Who Does She Think She Is?

Who Does She Think She Is?: A NovelJust this morning I uttered that time-used mama phrase, “Who does she think she is?” in reference to my tween daughter who was feeling herself just a bit too much.  It is probably my relationship with her that made me look into the future and glance back into the generations past as I read Benilde Little’s latest novel, Who does She Think She Is?.

It was almost by happenstance that I read this book last week. 

We live in a townhouse, 1900 feet, downsized from our 3500 foot house across state.  That means we have boxes, tables, chairs, and lots of books in our garage.  I was in the garage, just before an Earth Day recycling event, trying to find any stray electronics when I stumbled upon this crate of books that moved from house to house. My books are connections to me, whether I read them or not, and are precious assets that I have a hard time parting with.  The Earth Day celebration also included a book donation and as I was looking through the crate, I found this book.  I remember purchasing it two years ago at the Greater St. Louis Book Fair, held annually at the end of April in the Macy’s parking lot.  I remember I was drawn to the contemporary storyline and the hope that the tasteful cover promised. I put it on my “to read” pile and a month later, picked it up when I was between assignments.

I was not disappointed. 

First person narration is one of my favorite points-of-view.  To me it feels like I am having a conversation with the protagonist and am able to connect to their story.  This book gave me the unique gift of hearing from three generations of women and finding connections in each of their stories, understanding why each one behaved the way they did.  It is also perhaps because my daughter is fully into her tween  years and in her stretch for her personhood, sometimes pushes a few of her mama’s buttons.  Mother-daughter stories continue to pull me, perhaps because I lost my mother when I was only four and there is a part of me that fantasizes about what the possibilities of that relationship.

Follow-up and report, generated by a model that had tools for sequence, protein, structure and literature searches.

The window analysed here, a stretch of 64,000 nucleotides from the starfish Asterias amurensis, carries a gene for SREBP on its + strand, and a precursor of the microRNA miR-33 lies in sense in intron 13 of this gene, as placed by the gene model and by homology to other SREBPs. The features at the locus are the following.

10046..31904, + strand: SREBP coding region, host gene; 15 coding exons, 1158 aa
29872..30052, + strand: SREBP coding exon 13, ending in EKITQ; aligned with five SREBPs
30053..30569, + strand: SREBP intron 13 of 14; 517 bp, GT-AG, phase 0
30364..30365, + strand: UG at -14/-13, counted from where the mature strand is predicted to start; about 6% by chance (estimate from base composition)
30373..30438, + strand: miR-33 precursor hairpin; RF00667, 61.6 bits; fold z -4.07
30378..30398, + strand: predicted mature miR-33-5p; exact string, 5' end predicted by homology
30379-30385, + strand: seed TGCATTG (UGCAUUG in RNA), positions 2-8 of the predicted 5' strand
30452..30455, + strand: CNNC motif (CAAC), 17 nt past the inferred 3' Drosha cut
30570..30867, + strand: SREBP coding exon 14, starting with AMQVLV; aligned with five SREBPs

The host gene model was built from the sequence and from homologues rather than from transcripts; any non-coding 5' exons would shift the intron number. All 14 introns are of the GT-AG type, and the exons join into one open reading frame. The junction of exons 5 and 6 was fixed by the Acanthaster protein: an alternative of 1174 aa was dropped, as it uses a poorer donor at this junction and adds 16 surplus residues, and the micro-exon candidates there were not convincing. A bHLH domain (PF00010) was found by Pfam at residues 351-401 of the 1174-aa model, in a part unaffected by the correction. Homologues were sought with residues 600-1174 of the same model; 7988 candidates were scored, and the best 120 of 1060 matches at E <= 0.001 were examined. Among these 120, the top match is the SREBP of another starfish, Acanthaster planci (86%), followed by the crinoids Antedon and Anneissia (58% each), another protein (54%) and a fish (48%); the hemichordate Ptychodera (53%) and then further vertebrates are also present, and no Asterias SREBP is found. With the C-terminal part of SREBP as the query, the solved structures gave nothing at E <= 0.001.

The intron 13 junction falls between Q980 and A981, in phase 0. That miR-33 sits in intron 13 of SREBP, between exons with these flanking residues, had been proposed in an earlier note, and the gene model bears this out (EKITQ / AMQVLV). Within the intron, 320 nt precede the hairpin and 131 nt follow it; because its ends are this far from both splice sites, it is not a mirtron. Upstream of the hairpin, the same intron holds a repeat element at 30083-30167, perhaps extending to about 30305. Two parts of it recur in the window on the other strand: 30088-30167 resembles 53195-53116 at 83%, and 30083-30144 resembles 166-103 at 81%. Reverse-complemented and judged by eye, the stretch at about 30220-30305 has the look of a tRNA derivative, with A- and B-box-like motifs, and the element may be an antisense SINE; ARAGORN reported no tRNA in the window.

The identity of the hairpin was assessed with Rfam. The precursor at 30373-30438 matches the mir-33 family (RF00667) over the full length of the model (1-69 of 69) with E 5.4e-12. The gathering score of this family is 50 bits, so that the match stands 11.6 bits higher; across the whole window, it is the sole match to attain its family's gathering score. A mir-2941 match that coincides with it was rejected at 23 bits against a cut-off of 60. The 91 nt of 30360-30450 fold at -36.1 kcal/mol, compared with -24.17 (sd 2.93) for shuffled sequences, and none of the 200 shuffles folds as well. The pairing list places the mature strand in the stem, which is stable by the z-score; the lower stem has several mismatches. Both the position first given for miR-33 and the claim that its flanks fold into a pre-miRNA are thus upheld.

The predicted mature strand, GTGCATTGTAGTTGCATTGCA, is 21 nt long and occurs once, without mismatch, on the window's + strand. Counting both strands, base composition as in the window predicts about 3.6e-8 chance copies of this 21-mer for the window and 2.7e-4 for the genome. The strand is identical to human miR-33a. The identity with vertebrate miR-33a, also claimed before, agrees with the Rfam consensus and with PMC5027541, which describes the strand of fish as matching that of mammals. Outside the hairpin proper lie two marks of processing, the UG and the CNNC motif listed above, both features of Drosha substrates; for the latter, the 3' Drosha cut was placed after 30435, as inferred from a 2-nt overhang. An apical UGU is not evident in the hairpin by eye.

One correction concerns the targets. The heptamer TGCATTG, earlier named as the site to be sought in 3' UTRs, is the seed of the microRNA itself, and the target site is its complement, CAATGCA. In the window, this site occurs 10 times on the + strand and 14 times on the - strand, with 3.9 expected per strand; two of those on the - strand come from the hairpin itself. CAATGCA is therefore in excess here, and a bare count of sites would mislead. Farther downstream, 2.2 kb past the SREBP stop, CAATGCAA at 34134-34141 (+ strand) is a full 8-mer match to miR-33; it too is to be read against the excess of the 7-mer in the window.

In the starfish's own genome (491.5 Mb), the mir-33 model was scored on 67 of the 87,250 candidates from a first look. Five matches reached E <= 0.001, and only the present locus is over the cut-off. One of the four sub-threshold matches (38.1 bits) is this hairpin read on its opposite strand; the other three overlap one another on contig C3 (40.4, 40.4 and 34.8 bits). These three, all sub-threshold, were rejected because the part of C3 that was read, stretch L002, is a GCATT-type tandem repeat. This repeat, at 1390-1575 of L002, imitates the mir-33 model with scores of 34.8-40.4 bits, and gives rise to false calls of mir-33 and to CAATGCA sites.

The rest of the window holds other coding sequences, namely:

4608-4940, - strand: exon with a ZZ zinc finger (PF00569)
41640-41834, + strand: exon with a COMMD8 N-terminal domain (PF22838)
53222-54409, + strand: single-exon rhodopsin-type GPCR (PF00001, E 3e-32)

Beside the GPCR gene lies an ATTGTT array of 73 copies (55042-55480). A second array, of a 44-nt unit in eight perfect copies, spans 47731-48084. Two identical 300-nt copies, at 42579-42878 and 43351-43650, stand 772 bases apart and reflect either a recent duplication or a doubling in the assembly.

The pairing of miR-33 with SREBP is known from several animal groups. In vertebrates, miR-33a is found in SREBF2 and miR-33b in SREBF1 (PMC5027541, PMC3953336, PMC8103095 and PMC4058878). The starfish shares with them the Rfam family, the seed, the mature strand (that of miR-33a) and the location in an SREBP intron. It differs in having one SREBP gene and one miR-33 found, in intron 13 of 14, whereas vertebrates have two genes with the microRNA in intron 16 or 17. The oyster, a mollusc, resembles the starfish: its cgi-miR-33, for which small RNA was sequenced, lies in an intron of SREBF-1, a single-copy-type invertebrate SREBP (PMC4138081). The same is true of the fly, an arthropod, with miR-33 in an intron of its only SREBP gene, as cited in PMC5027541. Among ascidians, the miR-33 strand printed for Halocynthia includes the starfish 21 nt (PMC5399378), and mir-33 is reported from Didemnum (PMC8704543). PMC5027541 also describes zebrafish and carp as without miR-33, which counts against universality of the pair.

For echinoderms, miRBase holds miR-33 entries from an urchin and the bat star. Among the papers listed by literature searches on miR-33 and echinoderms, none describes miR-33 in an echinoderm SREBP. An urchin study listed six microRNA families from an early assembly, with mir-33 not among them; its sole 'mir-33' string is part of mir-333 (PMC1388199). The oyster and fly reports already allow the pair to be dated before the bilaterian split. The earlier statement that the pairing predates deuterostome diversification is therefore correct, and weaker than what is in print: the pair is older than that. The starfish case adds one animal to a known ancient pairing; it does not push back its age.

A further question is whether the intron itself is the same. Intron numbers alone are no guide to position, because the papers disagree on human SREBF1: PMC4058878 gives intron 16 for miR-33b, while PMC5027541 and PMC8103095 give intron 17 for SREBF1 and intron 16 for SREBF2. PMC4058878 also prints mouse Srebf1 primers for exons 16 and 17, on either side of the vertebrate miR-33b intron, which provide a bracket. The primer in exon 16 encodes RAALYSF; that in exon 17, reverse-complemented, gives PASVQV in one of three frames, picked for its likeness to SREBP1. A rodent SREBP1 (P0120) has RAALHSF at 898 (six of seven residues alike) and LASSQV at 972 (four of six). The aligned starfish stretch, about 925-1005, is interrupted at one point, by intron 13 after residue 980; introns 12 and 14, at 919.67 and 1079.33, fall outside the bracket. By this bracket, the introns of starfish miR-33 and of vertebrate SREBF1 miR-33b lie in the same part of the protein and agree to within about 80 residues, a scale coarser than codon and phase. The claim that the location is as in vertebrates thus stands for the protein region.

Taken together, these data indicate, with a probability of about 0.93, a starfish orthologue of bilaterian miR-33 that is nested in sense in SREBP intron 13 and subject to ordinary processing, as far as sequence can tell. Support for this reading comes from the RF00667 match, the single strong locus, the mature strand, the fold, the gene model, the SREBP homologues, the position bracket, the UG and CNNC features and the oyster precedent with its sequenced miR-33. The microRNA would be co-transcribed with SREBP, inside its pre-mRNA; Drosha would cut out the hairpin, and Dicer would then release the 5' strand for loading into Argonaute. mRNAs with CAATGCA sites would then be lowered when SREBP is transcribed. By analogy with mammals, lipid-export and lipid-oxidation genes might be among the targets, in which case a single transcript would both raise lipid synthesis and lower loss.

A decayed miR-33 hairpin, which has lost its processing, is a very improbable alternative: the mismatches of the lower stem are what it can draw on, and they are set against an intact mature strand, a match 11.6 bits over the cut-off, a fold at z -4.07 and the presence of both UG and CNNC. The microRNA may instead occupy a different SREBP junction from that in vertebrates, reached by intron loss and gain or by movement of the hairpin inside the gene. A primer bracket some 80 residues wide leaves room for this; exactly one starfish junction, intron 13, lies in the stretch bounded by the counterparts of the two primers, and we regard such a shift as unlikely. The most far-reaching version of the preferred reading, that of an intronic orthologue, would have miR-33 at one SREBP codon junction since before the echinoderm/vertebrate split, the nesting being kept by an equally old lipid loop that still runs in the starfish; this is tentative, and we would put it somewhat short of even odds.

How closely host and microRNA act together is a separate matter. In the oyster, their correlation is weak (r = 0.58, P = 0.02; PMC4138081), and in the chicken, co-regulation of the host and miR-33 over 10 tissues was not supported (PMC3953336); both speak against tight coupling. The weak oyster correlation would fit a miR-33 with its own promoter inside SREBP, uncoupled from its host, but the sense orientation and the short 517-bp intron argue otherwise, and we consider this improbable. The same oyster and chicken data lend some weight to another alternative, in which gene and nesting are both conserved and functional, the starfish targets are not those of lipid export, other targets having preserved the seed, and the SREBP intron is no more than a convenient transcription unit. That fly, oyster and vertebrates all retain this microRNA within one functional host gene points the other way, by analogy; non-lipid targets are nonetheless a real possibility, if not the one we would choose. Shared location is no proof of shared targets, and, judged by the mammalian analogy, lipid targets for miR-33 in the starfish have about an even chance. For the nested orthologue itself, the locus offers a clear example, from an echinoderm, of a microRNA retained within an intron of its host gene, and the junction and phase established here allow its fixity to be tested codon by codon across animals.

The three women could have easily been friends or family members, I recognized myself in the mother and heard my aunts in the the grandmother.  My daughter is not old enough to be the daughter in the story, but I have sons who could be her contemporaries.  I applauded her bravery to make a choice for true connection and not just for security, to buck tradition and follow a path she created for herself.  I also smiled at the affirming self-giving the mother encountered and the full-circle life journey of the grandmother who decided she could finally shed the cloak of the past to embrace the uniqueness of her legacy.

My criticisms of the book center on three things, first, the editing could have been a little tighter with some of the misplaced words and spellings.  Second, my head was spinning with all the brand name references that it made me wonder if the author was getting a kickback, and third, it seemed the story ended a bit too tidy in the last few pages, the author bringing all the disparate stories together in a neat little bow.  It could be that she was facing a deadline or that she had developed a triad as much as she could without the danger of making this a trilogy.

I was satisfied with the week I spent with her and the characters will stay with me because I relate to them, the contemporary setting, and the understanding that this life journey has so many universal elements.

This was an excellent book and one that I would highly recommend for a quick summer read.  I live in Kirkwood and have joined the summer reading program, it is one that I am recommending on that site as an easy breezy book that will truly satisfy.


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